AUGUSTA – Republican state senators re-elected Paul Davis of Sangerville as their leader Monday for the 122nd Legislature which will convene for the first time Dec. 1 for organizational meetings.
During the two-hour, closed-door session, Senate Republicans also elected Sen. Carol Weston of Montville as assistant minority leader. Pending what is perceived as the unlikely reversal of a recount in Bangor’s Senate District 32, Senate Democrats will continue to maintain the 18-17 advantage they have held over the GOP in the 121st Legislature.
Reporters waited outside the conference room of the Maine Motor Transport Association, a lobbying group for the transportation industry, until Davis emerged to explain why he closed the meeting. Last week, the entire organizational meeting of House Democrats was open to the public. House Republican and Senate Democratic leaders have said large portions of their meetings scheduled for today also will be unrestricted.
“I closed it mostly because of tradition,” Davis said, explaining that all leadership meetings with which he has been associated always have been barred to the media.
Davis did offer to allow reporters to attend a retreat for GOP senators that will be held later this month to determine the Republican agenda for the next year. But that agenda and how best to advance it apparently were the focus of Monday’s leadership election which pitted Davis against Sen. Karl Turner of Cumberland.
Turner, an investment adviser, said his personal experience could be used to strengthen ties to the business community as Republican leader. He said he had specific ideas on how to retain and expand GOP victories in the Senate and how to use administrative staff.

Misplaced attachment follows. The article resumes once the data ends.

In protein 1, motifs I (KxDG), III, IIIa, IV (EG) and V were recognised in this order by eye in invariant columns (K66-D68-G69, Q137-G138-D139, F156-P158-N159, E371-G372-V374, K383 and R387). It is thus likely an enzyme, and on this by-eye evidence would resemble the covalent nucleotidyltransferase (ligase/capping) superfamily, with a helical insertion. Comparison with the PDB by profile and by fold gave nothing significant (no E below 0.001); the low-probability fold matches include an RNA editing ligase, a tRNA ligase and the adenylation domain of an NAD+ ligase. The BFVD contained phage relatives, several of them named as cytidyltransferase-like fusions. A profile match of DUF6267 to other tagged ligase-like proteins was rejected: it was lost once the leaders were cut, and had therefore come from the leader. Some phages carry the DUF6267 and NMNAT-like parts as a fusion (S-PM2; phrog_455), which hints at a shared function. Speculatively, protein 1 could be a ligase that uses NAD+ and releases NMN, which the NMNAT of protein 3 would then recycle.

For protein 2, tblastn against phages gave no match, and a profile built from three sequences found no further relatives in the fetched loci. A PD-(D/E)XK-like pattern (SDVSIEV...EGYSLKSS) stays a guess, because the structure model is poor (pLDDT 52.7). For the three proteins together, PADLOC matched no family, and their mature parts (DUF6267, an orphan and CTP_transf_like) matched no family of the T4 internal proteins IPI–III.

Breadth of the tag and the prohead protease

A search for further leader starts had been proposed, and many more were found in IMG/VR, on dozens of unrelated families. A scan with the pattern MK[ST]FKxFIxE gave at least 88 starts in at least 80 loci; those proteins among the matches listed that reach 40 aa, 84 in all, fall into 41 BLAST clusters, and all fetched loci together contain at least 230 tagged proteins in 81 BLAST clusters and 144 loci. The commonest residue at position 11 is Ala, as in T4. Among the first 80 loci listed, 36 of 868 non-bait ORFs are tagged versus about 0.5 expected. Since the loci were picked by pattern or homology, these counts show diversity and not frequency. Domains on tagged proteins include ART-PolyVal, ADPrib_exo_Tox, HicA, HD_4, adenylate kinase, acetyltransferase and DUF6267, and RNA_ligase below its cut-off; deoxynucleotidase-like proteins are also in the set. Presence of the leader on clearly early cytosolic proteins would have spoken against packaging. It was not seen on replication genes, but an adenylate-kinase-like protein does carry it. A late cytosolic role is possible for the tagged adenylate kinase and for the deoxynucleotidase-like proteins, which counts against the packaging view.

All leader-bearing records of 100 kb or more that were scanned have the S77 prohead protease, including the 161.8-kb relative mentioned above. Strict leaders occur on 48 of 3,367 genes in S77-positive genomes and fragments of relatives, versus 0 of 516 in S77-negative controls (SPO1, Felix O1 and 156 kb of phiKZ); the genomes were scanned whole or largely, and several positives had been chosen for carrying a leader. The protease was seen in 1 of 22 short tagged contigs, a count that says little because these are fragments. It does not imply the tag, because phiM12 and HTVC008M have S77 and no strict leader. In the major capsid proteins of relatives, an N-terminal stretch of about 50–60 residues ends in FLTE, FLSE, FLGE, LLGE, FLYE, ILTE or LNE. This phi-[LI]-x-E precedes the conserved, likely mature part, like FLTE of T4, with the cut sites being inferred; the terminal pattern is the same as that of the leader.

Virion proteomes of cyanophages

“I interwove a lot of private-sector experience which I thought was a valuable piece that I could bring to the table that Paul did not have,” he said.
Davis said tax reform would continue to be a priority for Senate Republicans. Gov. John E. Baldacci already has stated he will have a tax reform proposal for lawmakers to review in January. House Democrats also have said tax reform is an issue of uppermost concern for their members.
Davis will be left to negotiate with new Senate Democratic leaders on the composition of legislative committees and which assignments will be offered to Republican senators. Although they hold the majority by a single vote, Senate Democrats are not obligated to respect any GOP requests for committee assignments. Davis said all GOP senators had been assigned to the committees of their choice two years ago.
“I expect the same this year,” he said. “We are 17, we’re not 18 members, but we represent about 49 percent of the people in this state. Each individual is important and we have a right to expect our people to go forward and represent us in the best places as we see them.”